Teaching and Cover Bands

I’m on a video spree tonight; playing around with the goofy squirrel movie got me thinking about another video I slapped together last May for a presentation I did at University of Mary Washington– this was the first go around for “Being There” which turned out in some ways to be “Alan’s Favorite Things and Odd Stuff on the Web”.

I had this one slide and effort to make a connection between teaching and cover bands. I actually got so carried away by the video I made to emphasize the point, it was later it dawned on me that maybe while fun, it sort of was a stretch from the supposed topic- a pitfall when you get hooked on media.

What I Learned from Johnny Cash

Here I tried to make the connection between teaching and cover bands. If you go to a bar and the music is a Beatles cover band, you pretty much expect 60’s dress, British flags, and faithful copies of the Fab Four’s music.

Maybe teaching certain subjects is like that- there are maybe only so many ways to teach the area of a triangle or sentence diagramming.

But often, our most memorable learning experiences are from teachers who do original versions of "old" classics.

So if you can follow this analogy, here is an experience I had with Johnny Cash— not an artist I liked very much (I am a 60s rock and roll fan, anything blues based works for me). I knew who Johnny Cash was,”the man in black” but he was country, outside my music scope.

But after learning more about the “man” after seeing “Walk the Line” I was intrigued to listen more to his music, and eventually looked to YouTube, where I found his version of Rusty Cage– a heavy metal song originally recorded by Soundgarden.

I’m trying to make a case that either version is "better" (though I do have my personal bias).

But Johnny Cash has done a complete and utterly creative re-interpretation of a driving heavy metal riff into an acoustic blues jolt. On the screen above I have made my own mashup- actually an intersection of 2 YouTube pages, and a video of both artists singing the same song.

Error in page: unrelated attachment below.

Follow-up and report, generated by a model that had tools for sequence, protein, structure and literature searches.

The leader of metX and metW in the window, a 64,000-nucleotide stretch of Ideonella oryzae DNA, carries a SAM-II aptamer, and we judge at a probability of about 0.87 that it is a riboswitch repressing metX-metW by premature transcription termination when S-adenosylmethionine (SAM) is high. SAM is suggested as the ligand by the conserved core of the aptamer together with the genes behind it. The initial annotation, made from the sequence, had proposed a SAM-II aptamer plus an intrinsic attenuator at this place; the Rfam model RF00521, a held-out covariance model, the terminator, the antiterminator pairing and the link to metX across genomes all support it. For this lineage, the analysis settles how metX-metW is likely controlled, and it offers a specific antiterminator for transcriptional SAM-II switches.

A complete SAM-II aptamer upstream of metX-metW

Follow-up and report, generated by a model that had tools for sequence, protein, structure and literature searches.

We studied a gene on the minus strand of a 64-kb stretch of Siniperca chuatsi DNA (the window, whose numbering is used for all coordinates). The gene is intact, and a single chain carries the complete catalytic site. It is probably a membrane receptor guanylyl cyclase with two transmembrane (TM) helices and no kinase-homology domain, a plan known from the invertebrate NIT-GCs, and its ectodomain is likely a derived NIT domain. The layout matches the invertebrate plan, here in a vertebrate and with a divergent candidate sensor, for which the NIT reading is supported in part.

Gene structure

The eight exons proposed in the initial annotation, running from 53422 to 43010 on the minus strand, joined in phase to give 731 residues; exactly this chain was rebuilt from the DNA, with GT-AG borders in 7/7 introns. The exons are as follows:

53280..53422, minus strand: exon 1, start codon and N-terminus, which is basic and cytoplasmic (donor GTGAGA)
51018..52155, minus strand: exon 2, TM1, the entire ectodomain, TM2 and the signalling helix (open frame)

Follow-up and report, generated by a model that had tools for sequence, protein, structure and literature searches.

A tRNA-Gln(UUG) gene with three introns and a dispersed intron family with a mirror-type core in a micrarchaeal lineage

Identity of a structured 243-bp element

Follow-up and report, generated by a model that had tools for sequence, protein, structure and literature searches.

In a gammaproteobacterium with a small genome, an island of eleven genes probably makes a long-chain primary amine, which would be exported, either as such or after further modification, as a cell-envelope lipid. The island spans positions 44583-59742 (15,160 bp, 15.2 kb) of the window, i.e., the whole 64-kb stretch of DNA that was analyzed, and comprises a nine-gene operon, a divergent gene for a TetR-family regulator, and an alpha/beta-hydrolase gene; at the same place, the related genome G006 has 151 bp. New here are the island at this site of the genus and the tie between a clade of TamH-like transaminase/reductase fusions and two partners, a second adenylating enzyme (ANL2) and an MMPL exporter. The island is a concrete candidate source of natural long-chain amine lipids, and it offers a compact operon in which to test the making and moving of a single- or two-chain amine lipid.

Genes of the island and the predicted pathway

Rusty Cage Remix

My stretch is that good teachers do this as well- take a previous work and put a new interpretation on it, and done well, create a compelling resource (song) that may speak to a person where the original may not. Remixing and mashing up is an age old custom, just recently recast into a new media form.

The video is a questionable use by me editing of the two videos, so check it out before the lawyers find it.

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An early 90s builder of web stuff and blogging Alan Levine barks at CogDogBlog.com on web storytelling (#ds106 #4life), photography, bending WordPress, and serendipity in the infinite internet river. He thinks it's weird to write about himself in the third person. And he is 100% into the Fediverse (or tells himself so) Tooting as @cogdog@cosocial.ca


  1. I like the analogy here. As teachers, we certainly should both cover (in the coverband sense) and remix material. And yes, it’s a matter of taste, but as you allude, taste and circumstances change.

    I remember the Soundgarden version well, and when I was a fan of theirs, I saw Johnny Cash in one of his less popular periods. I didn’t much like his music until much later, but before Walk this Line.